Subscribe For Free Updates!

We'll not spam mate! We promise.

Sep 1, 2012

SQL Server 2008:How To Create User Defined Functions in SQL


SQL User Defined Functions
To day i will Show you how to Create User defined Function SQL Server and how to Use it.
I've already shared  how create Store Procedures and How to Get a Return Value From Store Procedures in SQL Server.
Store Procedure ,User Define Function and User Define or User Created Views are Always Saved in the Data Base (MDF file). They are all Fast and Pre-Compiled which means we call these Functions or Store Procedures  From Our business logic layer or (Simply from Coding ) where they are Directly Executed and thus which Saves time.
Difference of time saving is noticible in enviorments where you have 25-30 tables and Each table has 1,000-50,000 rows, in these Situations we Feel the Difference between In-Line Queries and Pre-Compiled SQL Statements(Store Procedure ,User Define Function and User Define or Created Views  etc).

This Article Covers the basics of User Define Functions. I also will discuss Why  (and how ) to create them and How Use them.

In SQL The primary formula of creating a function is:
A function to be useful for us must produce a result. Means A function returns a result or a value. During  creation of a function, you must Define the type of value that the function would return. To provide this information, after the name of the function, type the RETURNS keyword followed by a definition for a data type. simple example is Below:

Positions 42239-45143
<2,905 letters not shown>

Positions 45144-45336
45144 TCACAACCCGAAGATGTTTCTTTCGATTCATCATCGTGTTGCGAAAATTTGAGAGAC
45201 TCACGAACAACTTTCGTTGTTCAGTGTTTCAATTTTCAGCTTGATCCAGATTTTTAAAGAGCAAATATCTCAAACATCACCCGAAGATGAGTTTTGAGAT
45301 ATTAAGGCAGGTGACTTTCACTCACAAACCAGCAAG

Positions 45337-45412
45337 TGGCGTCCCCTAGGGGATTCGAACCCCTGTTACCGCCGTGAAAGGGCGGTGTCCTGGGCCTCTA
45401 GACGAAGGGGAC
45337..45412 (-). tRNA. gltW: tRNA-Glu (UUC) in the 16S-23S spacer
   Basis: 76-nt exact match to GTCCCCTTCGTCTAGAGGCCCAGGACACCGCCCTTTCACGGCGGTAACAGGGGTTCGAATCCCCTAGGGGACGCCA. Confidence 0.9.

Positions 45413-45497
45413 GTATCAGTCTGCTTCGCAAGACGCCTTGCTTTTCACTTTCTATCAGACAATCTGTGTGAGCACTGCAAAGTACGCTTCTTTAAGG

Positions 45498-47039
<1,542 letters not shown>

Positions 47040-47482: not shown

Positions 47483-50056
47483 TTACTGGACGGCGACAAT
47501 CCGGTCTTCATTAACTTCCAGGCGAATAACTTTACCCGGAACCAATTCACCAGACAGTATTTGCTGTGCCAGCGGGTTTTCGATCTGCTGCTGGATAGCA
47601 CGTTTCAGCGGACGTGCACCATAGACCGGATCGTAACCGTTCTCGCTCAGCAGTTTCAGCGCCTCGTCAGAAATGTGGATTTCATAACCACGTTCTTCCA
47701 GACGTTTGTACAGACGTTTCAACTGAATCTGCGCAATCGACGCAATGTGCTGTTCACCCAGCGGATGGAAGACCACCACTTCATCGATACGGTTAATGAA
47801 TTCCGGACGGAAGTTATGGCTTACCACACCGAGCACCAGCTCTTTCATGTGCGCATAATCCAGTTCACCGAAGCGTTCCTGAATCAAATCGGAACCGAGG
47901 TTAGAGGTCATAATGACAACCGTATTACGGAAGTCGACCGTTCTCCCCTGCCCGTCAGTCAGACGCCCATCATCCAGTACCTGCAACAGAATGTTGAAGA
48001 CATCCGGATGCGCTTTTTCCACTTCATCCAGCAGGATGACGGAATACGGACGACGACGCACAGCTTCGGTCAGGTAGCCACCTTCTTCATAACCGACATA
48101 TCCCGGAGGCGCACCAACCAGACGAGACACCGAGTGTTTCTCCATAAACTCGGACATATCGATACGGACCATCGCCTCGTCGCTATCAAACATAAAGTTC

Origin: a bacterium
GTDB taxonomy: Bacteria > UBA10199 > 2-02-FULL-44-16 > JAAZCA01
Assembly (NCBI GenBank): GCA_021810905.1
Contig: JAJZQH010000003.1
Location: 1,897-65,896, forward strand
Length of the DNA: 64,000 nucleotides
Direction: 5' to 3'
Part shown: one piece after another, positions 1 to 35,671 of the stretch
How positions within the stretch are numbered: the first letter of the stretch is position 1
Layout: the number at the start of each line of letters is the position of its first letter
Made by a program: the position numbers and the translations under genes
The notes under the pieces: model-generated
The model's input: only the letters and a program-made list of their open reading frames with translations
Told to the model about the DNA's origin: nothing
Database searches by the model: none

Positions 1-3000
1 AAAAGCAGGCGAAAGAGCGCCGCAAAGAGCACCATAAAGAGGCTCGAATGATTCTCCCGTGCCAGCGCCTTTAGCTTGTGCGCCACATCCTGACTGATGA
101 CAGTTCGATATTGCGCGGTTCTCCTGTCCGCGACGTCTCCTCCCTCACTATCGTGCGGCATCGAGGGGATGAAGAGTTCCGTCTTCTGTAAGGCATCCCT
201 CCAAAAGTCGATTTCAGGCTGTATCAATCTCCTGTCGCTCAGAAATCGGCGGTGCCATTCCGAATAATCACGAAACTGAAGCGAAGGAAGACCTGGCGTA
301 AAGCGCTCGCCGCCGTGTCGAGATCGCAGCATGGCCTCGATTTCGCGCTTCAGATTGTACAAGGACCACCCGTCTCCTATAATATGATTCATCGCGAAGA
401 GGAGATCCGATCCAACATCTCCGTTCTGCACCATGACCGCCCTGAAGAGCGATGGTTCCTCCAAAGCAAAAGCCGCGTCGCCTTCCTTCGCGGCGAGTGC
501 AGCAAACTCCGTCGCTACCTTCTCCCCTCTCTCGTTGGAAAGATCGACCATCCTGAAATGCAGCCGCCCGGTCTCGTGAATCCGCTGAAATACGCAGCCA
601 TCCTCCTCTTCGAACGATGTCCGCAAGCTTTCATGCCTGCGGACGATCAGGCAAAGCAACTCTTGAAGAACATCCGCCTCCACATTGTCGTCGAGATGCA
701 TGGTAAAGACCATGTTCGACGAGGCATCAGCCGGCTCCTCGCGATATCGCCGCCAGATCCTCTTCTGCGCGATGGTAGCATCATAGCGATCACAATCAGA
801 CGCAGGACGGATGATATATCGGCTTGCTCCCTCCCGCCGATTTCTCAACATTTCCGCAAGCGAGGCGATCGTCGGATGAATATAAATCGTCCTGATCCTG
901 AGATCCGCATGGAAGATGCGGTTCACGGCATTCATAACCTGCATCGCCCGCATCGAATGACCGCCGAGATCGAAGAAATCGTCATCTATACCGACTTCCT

RETURNS Decimal(6,3)

After Defining the Return Type or Function we can Create body of function . Body of a function starts with the BEGIN and ends with the END keywords. example Below:
RETURNS Decimal(6,3)

AS Keyword is Optional.

You can define the assignment of the function between the BEGIN and END keywords,and that represents the body of the function. After performing this assignment, just before the END keyword, you must specify value i.e. function returns. This is done by typing the RETURN keyword . sample Code Below:
RETURNS varchar(100)

Here is another example:

CREATE FUNCTION CalculateWeeklySalary()
RETURNS Decimal(8, 2)
    RETURN 880.44
After Writing Above code in Query Windows Press F5 to Create Function in Data Base.

Function Calling